Organic Farm Management Handbook 2023
At a time where external agricultural inputs and market volatility are at a high, organic production as a solution to the transition to low input systems has never seemed more logical.
After a tumultuous few years for the food and drink market, the hope is that the latest version of the handbook will better equip organic farmers, growers, and prospective entrants with reliable market data, specific sector budgets, and sources of information and advice.
Secure a copy of the Organic Farm Management Handbook 2023
On 30 June 2022 France's Court of Auditors released a report evaluating public policy support to organic farming.
After a detailed review of the scientific literature the Cour des comptes cite the benefits of organic farming, particularly in terms of health and the environment, and observes that the development of organic farming is the best way to make the agri-environmental transition successful and lead so-called conventional farms towards more environmentally friendly practices.
From the report:
The positive impact of organic farming on the environment is also well documented. While water pollution, mainly due to nitrates, phosphorus and phytosanitary products of agricultural origin, continues to worsen, organic farming can reduce it. This is why water agencies are providing increasing financial support for organic conversions: prevention is much cheaper than decontamination of drinking water.
Drinking water companies such as that in Paris have started to finance organic farming in catchment areas.
Organic farming has a positive impact on air quality, which is comparatively degraded by ammonia emissions from nitrogen fertilisers used in conventional farming.
Organic farming makes a strong contribution to the preservation of biodiversity, with fauna and flora species being on average 30% more numerous and their populations 50% more abundant in organic crops, whereas populations of field birds and pollinators have decreased by more than 30% since 1990 in Europe.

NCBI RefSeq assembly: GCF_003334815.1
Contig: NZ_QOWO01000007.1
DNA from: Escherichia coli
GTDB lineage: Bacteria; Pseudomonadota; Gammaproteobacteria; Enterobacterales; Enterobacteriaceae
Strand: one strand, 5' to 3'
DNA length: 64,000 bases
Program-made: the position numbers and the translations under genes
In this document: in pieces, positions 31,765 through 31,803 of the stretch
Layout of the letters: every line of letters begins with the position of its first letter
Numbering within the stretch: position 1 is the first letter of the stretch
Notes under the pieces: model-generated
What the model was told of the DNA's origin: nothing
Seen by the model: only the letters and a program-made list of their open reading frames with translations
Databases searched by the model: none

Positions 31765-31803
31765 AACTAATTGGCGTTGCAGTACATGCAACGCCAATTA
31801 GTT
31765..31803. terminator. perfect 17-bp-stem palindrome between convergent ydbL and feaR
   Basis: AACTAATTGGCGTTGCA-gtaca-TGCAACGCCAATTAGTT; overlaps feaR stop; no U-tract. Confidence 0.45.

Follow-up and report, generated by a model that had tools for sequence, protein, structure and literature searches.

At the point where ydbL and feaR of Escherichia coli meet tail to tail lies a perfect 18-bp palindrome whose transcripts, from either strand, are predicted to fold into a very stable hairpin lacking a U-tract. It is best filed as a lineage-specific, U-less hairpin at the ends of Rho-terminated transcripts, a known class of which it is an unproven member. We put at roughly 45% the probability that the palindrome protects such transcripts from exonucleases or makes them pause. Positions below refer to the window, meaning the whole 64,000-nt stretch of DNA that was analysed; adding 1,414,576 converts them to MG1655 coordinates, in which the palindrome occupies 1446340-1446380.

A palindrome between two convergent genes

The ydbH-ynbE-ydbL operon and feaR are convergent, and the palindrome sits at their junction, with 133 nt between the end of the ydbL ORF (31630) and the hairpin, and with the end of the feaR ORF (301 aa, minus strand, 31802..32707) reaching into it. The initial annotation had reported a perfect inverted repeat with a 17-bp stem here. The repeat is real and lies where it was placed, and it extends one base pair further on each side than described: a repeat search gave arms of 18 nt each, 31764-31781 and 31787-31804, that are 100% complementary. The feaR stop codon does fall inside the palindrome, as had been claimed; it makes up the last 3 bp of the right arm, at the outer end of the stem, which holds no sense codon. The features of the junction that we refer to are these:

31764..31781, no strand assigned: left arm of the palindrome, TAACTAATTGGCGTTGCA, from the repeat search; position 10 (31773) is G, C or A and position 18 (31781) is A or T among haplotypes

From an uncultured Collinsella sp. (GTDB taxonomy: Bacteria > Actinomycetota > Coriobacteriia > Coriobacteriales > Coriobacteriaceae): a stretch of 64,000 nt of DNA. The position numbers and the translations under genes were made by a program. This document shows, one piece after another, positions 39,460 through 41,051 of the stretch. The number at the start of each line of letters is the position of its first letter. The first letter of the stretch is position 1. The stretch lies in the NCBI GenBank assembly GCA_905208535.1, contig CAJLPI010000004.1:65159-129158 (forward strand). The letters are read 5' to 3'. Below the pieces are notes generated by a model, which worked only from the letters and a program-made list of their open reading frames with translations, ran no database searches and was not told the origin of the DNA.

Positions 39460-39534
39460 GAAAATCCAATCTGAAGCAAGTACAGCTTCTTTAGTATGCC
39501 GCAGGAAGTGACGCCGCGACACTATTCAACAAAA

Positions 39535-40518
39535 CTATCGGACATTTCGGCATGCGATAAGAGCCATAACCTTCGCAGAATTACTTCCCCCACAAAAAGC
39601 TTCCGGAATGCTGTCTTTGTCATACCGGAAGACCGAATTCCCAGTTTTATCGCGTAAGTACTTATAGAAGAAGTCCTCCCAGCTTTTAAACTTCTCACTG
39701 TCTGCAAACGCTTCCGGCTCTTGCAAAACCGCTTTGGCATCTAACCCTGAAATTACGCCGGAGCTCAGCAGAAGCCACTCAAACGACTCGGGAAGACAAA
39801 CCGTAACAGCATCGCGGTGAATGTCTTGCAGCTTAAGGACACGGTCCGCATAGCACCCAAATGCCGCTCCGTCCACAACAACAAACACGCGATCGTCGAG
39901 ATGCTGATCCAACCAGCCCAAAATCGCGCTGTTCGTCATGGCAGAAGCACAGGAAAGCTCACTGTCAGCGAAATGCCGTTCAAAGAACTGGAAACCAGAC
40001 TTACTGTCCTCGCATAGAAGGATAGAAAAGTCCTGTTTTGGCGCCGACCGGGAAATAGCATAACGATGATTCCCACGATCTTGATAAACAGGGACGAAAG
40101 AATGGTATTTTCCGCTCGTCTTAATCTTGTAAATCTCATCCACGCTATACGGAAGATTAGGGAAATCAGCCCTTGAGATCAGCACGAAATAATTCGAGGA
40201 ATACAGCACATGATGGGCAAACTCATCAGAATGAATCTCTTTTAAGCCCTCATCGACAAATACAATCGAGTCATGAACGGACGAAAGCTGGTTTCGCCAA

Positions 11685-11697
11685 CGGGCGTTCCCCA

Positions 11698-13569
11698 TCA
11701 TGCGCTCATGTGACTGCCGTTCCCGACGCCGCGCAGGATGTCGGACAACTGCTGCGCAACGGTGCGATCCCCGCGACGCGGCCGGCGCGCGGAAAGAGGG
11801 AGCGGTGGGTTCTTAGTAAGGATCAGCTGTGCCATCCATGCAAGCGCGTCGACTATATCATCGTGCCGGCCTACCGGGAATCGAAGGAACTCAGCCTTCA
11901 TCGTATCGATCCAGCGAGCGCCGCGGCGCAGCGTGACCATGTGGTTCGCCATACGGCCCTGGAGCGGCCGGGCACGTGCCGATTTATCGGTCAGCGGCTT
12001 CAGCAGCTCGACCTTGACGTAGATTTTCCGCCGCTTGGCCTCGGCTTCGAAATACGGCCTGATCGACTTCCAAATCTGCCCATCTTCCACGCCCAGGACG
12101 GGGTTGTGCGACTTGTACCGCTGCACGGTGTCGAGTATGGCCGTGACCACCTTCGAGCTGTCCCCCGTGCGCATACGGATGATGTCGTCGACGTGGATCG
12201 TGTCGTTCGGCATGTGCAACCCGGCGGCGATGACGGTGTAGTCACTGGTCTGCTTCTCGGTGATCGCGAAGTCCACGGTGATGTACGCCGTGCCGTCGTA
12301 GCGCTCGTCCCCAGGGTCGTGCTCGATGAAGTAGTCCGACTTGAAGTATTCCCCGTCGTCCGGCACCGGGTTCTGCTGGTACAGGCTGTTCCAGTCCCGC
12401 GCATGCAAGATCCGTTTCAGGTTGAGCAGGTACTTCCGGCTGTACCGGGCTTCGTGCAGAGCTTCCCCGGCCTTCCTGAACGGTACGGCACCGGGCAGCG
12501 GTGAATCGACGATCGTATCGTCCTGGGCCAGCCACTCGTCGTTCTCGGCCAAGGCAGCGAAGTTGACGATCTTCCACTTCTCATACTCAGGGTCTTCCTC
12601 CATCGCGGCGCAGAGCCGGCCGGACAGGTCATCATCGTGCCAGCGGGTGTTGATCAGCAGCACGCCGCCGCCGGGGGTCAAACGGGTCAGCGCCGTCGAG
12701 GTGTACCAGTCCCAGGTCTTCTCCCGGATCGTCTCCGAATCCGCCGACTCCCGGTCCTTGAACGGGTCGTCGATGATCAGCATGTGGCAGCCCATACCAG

This form of agriculture emits less greenhouse gases per hectare, particularly nitrous oxide, because mineral nitrogen fertilisers are not used, as well as at the farm level, where organic farming seeks autonomy.
The improvement of animal welfare in organic farming is based on its specifications, which prohibit cages and tethered animals, limit stocking densities, prescribe a more natural diet (fodder, mother's milk) and guarantee access to the open air.
Finally, the development of organic farming has a favourable impact on employment in rural areas due to its attractiveness for young farmers: one third of installations are now organic. This production system, which uses more labour, creates jobs in agriculture, as well as in the organic sector.
To help achieve these objectives, the Court concludes this evaluation with 12 recommendations, grouped into three main guidelines:
Guideline 1: Inform citizens and consumers about the environmental and health impact of the organic farming sector
Guideline 3: promote the creation of value within the organic farming sector
Guideline 2: redirect public support for agriculture to the organic sector
Read the full report from France's Court of Auditors -
Support for organic farming
There is a new ‘buzz word’ being championed by numerous industry stakeholders and influencers – regenerative agriculture.
Regenerative agriculture seeks to capture atmospheric carbon dioxide by growing plants that move carbon dioxide into the soil mostly through ‘no-till” and/or "reduced till" practices and permanent perennial pastures and grasslands.
There are several individuals, groups, and organizations that have attempted to define the principles of regenerative agriculture. In their review of the existing literature on regenerative agriculture, researchers at Wageningen University created a database of 279 published research articles on regenerative agriculture.
Their analysis of this database found that people using the term regenerative agriculture were using different principles and practises to guide their interpretation.
While there are some excellent regenerative initiatives, the lack of clarity around a regenerative approach is worrying.